• Related Articles Rosacea-like acute reaction after hyaluronic acid dermal filler. G Ital Dermatol Venereol. 2019 Dec 04;: Authors: Valenti M, Guanziroli E, Mancini LL, Costanzo A PMID: 31804049 [PubMed - as supplied by publisher] {url} = URL to article
    • Related Articles Rosacea associated with increased risk of generalized anxiety disorder: a case-control study of prevalence and risk of anxiety in patients with rosacea. An Bras Dermatol. 2019 Oct 26;: Authors: Incel Uysal P, Akdogan N, Hayran Y, Oktem A, Yalcin B Abstract BACKGROUND: Rosacea may result in emotional distress and anxiety. However, data on the presence of generalized anxiety disorder in rosacea patients are scarce. OBJECTIVE: The aim of the study was to detect the frequency and level of anxiety and depression in patients with rosacea. METHODS: A total of 194 consecutive rosacea patients and 194 age- and sex-matched controls were enrolled. Severity of rosacea was assessed in patients according to the criteria of the National Rosacea Society Ethics Committee. Both patients and controls were evaluated by the Generalized Anxiety Disorder 7-item scale, and severity was measured by the Generalized Anxiety Disorder-Adult. RESULTS: Individuals who were diagnosed with an anxiety and/or depressive disorder were more common in patient group (24.7% vs. 7.2%, p<0,01). Female patients were particularly at risk for having generalized anxiety disorder (OR=2.8; 95% CI 1.15-7.37; p=0.02). STUDY LIMITATIONS: Single center study and limited sample size. CONCLUSIONS: Rosacea patients show greater risk of having anxiety disorders, including generalized anxiety disorder. Female patients, those with lower educational levels, those with phymatous subtype, untreated patients, and patients with prior psychiatric morbidity may be at particular risk for anxiety. It is essential to consider the psychological characteristics of patients to improve their well-being. PMID: 31789266 [PubMed - as supplied by publisher] {url} = URL to article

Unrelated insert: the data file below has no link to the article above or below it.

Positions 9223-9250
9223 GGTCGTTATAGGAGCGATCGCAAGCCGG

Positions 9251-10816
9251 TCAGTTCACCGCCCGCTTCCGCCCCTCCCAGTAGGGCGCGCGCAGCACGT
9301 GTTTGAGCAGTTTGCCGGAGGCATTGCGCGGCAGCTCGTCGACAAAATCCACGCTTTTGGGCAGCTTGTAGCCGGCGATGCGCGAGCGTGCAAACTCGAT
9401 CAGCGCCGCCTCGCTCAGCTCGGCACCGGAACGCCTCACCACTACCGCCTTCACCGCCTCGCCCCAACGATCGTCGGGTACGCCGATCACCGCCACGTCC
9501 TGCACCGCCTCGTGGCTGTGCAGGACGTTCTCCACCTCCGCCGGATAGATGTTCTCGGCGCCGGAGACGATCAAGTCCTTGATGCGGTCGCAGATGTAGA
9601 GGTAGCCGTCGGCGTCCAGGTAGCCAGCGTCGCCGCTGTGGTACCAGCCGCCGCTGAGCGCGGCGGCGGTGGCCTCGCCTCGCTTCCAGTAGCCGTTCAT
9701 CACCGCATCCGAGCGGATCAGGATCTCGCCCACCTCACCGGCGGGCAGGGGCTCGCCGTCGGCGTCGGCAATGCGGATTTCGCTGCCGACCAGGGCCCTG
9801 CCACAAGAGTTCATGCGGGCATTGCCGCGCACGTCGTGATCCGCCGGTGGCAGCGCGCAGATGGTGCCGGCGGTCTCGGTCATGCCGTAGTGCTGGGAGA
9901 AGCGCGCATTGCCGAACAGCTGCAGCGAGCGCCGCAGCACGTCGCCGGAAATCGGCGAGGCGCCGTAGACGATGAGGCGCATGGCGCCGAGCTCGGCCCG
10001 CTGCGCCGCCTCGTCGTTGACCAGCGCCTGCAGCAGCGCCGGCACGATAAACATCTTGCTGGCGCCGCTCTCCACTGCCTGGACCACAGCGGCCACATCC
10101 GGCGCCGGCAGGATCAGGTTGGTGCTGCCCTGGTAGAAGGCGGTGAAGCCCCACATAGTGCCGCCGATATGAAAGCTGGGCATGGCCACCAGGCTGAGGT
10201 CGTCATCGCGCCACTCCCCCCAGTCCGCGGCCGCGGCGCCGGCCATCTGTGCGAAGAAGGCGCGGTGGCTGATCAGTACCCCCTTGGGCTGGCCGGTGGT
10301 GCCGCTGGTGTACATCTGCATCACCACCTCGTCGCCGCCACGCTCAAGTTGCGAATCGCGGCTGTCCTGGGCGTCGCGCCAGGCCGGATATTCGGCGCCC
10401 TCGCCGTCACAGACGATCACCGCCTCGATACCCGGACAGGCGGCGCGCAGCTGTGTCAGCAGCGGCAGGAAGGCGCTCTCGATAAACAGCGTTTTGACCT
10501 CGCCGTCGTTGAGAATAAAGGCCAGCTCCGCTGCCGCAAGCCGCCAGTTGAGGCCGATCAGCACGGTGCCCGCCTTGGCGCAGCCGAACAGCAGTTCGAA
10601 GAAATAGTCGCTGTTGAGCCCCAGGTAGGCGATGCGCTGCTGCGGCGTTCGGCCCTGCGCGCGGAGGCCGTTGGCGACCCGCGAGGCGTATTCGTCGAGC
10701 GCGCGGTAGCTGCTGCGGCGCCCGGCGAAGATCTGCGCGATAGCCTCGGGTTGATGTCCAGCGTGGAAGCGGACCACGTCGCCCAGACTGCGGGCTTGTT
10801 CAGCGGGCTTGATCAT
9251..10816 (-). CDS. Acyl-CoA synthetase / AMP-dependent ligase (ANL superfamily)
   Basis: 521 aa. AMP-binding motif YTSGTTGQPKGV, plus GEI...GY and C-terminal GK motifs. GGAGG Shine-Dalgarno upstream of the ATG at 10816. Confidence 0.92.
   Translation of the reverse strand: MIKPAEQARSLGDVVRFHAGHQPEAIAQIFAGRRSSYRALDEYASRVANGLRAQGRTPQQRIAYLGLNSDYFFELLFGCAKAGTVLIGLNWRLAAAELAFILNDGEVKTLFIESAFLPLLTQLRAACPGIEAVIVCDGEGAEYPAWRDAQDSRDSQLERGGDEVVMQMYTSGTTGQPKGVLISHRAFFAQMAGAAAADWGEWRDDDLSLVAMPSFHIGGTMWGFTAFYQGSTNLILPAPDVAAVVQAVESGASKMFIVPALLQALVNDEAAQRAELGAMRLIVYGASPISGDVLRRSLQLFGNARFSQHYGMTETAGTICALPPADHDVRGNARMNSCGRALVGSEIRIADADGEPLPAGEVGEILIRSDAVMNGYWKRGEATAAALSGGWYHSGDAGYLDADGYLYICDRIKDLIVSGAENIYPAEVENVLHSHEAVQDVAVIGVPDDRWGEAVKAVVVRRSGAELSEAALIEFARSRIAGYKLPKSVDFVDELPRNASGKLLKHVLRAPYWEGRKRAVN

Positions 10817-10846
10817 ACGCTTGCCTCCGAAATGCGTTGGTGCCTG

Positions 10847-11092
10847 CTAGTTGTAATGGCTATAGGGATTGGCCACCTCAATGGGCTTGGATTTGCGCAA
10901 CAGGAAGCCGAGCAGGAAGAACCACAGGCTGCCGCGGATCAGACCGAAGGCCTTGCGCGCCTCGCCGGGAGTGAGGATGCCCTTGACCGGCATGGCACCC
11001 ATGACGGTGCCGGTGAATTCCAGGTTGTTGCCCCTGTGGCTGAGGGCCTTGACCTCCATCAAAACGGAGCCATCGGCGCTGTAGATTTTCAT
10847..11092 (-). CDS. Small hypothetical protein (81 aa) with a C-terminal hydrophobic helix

• Related Articles ACTH-dependent Hypercortisolemia in a Patient with a Pituitary Microadenoma and an Atypical Carcinoid Tumour of the Thymus. Medicina (Kaunas). 2019 Nov 27;55(12): Authors: Baranowska-Jurkun A, Szychlińska M, Matuszewski W, Modzelewski R, Bandurska-Stankiewicz E Abstract Cushing's syndrome (CS) is a set of clinical symptoms which occur as a result of hypercortisolemia. Endogenous ACTH-dependent CS related to an ectopic ACTH-secreting tumour constitutes 12%-17% of CS cases and is one of the most common causes of paraneoplastic syndromes. This study presents a case of a 31 year-old man with diabetes, hypertension, rosacea, purple stretch marks and hypokalemia. Findings of diagnostic procedures include high concentrations of cortisol and ACTH, pituitary microadenoma and a tumour in the anterior mediastinum. Dynamic hormone tests determined the source of excess hormone secretion and ectopic ACTH-dependent CS was diagnosed. Due to increasing symptoms of superior vena cava syndrome, an emergency resection of almost the whole tumour was performed, with only a small part of the upper pole left because of the proximity of large vessels and a risk of damaging them. On the basis of histopathological tests, an atypical carcinoid tumour of the thymus was identified. Immediately after the surgical procedure, there was a significant reduction of clinical and laboratory traits of hypercortisolemia, yet, during the 46 weeks of postoperative observation, despite chemotherapy, the progression of residual masses of the tumour occurred with metastases and increased hormone indices. The presented case shows and discusses the differentiation of ACTH-dependent hypercortisolemia and its causes, difficulties in surgical therapy and chemotherapy, as well as prognosis for atypical carcinoid of the thymus, which is a rare disease. PMID: 31783507 [PubMed - in process] {url} = URL to article